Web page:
The book is organized into sections about a series of landmark cases tried in the SDNY, trial techniques, judges he has appeared before, the changes and challenges in the court during his career all the way through modern trial technology and sentencing guidelines. His skillful prose, storytelling technique*, and endless enthusiasm for the law and respect for the SDNY as an institution, permeate each page. I believe he would have achieved the same possession of the reader’s attention if he had, in some alternative life, been almost anything else from a doctor to professor to inventor.

He presents an insightful array of legal practice stories and subject analyses that are not just meant to be “inside baseball” for lawyers only, but rather, a genuine and granular sense of litigation practice from his admiring point of view. Thus, I believe that anyone who works in the legal profession as well as anyone who does not, will enjoy reading Zirin’s paean to the SDNY.

In the midst of all this legal lore, there is also a brief and hilarious story near the end about a sidebar conference during a trial concerning an observer in the courtroom who might have been creating a distraction. The inclusion and execution of it also speaks very well of the author’s literary craft.

Returning to a concise and critical phrase we always used to include in all of our book reports at Public School 79 in Queens, I definitely recommend this book to everyone in the class.

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*  See also this Subway Fold post on November 4, 2014 about the power of effective storytelling.

Venture Capital Investments in Legal Tech Startups Declining in 2014

The title of a report on TechCrunch.com on August 5, 2014, The Jury Is Out On Legal Startups , appears to say it all. As it describes the current state of this specialized market for technology aimed at supporting law offices as well as benefiting consumers, investments by venture capital investment firms in this sector has fallen rather dramatically thus far in 2014. With just a few exceptions that have received substantial rounds of funding, many other have not fared well in raising money for their operations. I recommend a click through here the full details of this slump including some informative charts and accompanying quotes by experts in this field explaining the difficult dynamics currently affecting this market.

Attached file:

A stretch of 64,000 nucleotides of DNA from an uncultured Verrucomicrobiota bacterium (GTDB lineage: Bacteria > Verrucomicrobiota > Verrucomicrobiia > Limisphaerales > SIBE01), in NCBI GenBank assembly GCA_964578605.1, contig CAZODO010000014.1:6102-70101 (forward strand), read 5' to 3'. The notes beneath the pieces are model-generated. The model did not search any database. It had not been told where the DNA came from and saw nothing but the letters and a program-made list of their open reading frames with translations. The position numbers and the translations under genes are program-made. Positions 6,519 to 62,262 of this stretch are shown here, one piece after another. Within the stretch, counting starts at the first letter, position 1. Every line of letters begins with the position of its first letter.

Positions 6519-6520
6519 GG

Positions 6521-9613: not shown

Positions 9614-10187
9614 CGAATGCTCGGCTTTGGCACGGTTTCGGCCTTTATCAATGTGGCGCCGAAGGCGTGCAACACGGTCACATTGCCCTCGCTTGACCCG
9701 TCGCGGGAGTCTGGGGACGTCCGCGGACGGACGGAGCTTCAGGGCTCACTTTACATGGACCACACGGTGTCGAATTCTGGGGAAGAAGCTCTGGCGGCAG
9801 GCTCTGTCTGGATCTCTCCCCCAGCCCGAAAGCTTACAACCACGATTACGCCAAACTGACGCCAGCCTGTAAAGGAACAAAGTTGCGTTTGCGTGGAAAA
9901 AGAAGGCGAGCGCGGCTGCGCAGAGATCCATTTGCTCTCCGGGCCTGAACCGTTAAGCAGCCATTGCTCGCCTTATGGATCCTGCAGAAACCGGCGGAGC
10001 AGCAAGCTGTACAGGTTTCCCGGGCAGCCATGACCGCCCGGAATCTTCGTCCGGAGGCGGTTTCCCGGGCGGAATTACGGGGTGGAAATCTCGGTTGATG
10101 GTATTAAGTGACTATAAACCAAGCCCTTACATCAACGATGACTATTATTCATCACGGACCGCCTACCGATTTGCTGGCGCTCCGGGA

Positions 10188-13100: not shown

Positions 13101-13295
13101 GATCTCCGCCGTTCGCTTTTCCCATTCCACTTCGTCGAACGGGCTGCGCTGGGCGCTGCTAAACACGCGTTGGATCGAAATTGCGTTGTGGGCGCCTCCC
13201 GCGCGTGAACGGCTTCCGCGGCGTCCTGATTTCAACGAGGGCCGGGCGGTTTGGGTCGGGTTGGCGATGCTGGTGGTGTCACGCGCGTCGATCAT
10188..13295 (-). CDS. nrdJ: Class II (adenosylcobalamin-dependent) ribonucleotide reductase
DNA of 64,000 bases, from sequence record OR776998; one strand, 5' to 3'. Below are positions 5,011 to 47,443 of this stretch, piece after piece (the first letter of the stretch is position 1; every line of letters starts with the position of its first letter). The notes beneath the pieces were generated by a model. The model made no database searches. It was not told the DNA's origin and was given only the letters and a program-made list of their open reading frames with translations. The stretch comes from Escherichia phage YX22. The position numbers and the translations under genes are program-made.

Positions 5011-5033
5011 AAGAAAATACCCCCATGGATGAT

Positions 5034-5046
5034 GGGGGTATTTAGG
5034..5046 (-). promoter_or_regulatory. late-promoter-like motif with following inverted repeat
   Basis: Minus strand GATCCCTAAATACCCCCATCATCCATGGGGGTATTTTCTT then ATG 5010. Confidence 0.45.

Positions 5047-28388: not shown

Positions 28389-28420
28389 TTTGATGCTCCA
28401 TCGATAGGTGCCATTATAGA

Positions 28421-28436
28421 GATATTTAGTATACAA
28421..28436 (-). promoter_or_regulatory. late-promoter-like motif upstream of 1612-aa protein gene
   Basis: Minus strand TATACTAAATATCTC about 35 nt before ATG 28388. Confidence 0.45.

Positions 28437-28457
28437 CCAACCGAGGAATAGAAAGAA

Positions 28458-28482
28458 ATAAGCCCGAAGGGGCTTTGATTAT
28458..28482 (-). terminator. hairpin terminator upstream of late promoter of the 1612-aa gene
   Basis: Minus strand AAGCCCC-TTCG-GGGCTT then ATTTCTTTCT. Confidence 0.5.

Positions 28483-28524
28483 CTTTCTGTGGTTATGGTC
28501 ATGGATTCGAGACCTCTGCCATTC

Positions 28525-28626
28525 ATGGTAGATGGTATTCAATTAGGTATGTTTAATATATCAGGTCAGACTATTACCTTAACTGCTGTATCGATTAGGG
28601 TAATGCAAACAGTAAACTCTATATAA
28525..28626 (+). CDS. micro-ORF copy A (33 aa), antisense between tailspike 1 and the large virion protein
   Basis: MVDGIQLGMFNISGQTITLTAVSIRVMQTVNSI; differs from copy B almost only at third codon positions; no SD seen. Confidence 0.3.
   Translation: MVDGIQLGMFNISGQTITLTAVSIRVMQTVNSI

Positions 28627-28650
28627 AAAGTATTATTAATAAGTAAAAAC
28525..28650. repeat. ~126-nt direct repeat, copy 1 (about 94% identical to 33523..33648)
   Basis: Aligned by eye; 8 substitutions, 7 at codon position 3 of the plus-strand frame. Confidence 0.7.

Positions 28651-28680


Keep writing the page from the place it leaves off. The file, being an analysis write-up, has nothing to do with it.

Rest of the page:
This turn of events and dollars seems to run contra to all of the five far more optimistic and enthusiast posts I have grouped here under the category of Law Practice and Legal Education. These cover different aspects of ongoing innovations in the marketplace for legal services as well as legal education.

Notwithstanding this situation, I continue to remain optimistic about the ongoing prospects for legal startups. There is a vast under-served market for people who need legal services but do not have the funds to engage them. I think it is nearly inevitable that some of these developing systems, services and apps will find a place in this market segment out of pure necessity and the economics of getting things done faster and cheaper. Continuing to monitor this situation will thus likely prove interesting during the next several years. Perhaps there is a legal app yet to be developed that will prove to be so helpful to lawyers and their clients, as has happened in so many other consumer markets, which will act as a genuine tipping point.